By Sarah Mac Donald - 15 March, 2015
During their Spring General Meeting, the Irish Bishops’ Conference discussed the continuing humanitarian crisis in Syria and Iraq.
In their concluding statement, they invited the faithful to respond to Pope Francis’ invitation to offer prayer intentions for those who are being persecuted because of the faith they profess.
They said the suffering of the people in Syria is compounded on two fronts: the conflict and the advancement of the Caliphate.
Since 15 March 2011, 210,000 people have been killed in the war in Syria, one million injured, and more than 4 million people have fled the country, with another 7.6 million internally displaced within its borders.
In the last two weeks, 220 people have been abducted by so-called Islamic State militants, most of them from Assyrian Christian villages in the north east of Syria.
The bishops recalled their meetings with Bishop Antoine Audo SJ of Aleppo during his visit to Ireland before Christmas who informed them of the brutality suffered by his people in Syria including being violently forced from their homes and kidnapping.
In their statement, the bishops said that the most striking concern of Bishop Audo was the perceived indifference of western countries to the persecution of his people.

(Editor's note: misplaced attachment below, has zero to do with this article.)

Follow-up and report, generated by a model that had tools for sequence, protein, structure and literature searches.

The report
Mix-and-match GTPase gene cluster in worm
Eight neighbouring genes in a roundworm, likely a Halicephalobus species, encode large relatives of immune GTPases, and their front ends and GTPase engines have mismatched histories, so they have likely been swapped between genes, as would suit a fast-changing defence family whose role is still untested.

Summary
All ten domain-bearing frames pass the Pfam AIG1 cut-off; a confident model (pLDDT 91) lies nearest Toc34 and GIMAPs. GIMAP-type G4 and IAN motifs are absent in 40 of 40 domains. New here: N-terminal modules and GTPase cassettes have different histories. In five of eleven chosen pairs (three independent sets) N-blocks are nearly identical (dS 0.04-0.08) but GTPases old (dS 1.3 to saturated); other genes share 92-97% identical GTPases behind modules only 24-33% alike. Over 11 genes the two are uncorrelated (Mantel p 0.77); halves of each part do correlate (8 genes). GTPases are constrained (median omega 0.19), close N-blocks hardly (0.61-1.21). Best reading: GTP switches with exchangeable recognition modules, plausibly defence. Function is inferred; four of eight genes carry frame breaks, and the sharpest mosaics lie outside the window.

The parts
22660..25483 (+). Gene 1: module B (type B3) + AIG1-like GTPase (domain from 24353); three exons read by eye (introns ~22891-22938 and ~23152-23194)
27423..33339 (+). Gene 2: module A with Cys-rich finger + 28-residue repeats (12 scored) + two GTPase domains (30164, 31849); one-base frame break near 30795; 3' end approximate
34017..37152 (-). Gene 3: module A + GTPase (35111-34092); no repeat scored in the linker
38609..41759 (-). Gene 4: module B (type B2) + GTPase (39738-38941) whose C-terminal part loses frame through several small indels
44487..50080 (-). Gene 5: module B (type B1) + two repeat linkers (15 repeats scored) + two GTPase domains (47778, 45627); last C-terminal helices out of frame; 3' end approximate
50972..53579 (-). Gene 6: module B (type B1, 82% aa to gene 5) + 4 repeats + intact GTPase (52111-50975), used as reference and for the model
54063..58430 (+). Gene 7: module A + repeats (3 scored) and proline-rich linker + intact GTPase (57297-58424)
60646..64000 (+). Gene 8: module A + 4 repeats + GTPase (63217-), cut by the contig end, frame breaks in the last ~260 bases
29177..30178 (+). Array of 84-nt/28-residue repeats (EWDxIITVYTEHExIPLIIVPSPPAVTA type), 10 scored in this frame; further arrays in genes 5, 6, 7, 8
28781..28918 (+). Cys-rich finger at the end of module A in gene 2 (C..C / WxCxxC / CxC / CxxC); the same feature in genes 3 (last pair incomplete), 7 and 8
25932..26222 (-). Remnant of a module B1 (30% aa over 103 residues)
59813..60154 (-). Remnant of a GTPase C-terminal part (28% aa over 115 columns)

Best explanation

Cardinal Leonardo Sandri, prefect of the Congregation for the Oriental Churches, has written a letter to bishops worldwide regarding the “Collecta pro Terra Sancta”, the collection for the communities of faithful and places in the Holy Land, which traditionally takes place on Good Friday.
The bishops have asked the faithful to respond generously to this collection which seeks to alleviate the plight facing Christians in the Holy Land.
The territories that will benefit from the collection, in different ways and to differing extents, are: Jerusalem, Palestine and Israel, Jordan, Cyprus, Syria, Lebanon, Egypt, Ethiopia and Eritrea, Turkey, Iran and Iraq.
Figures show that children are paying the highest price for the four years of conflict in Syria.
At least 10,664 children have lost their lives while a further 2 million have lost their homes.
The youngest have never known anything other than a refugee camp or a war site and very few go to school anymore.
Ireland has resettled or is due to resettle some 230 refugees. There have only been 89 asylum applications compared with some 6,000 applications in the UK.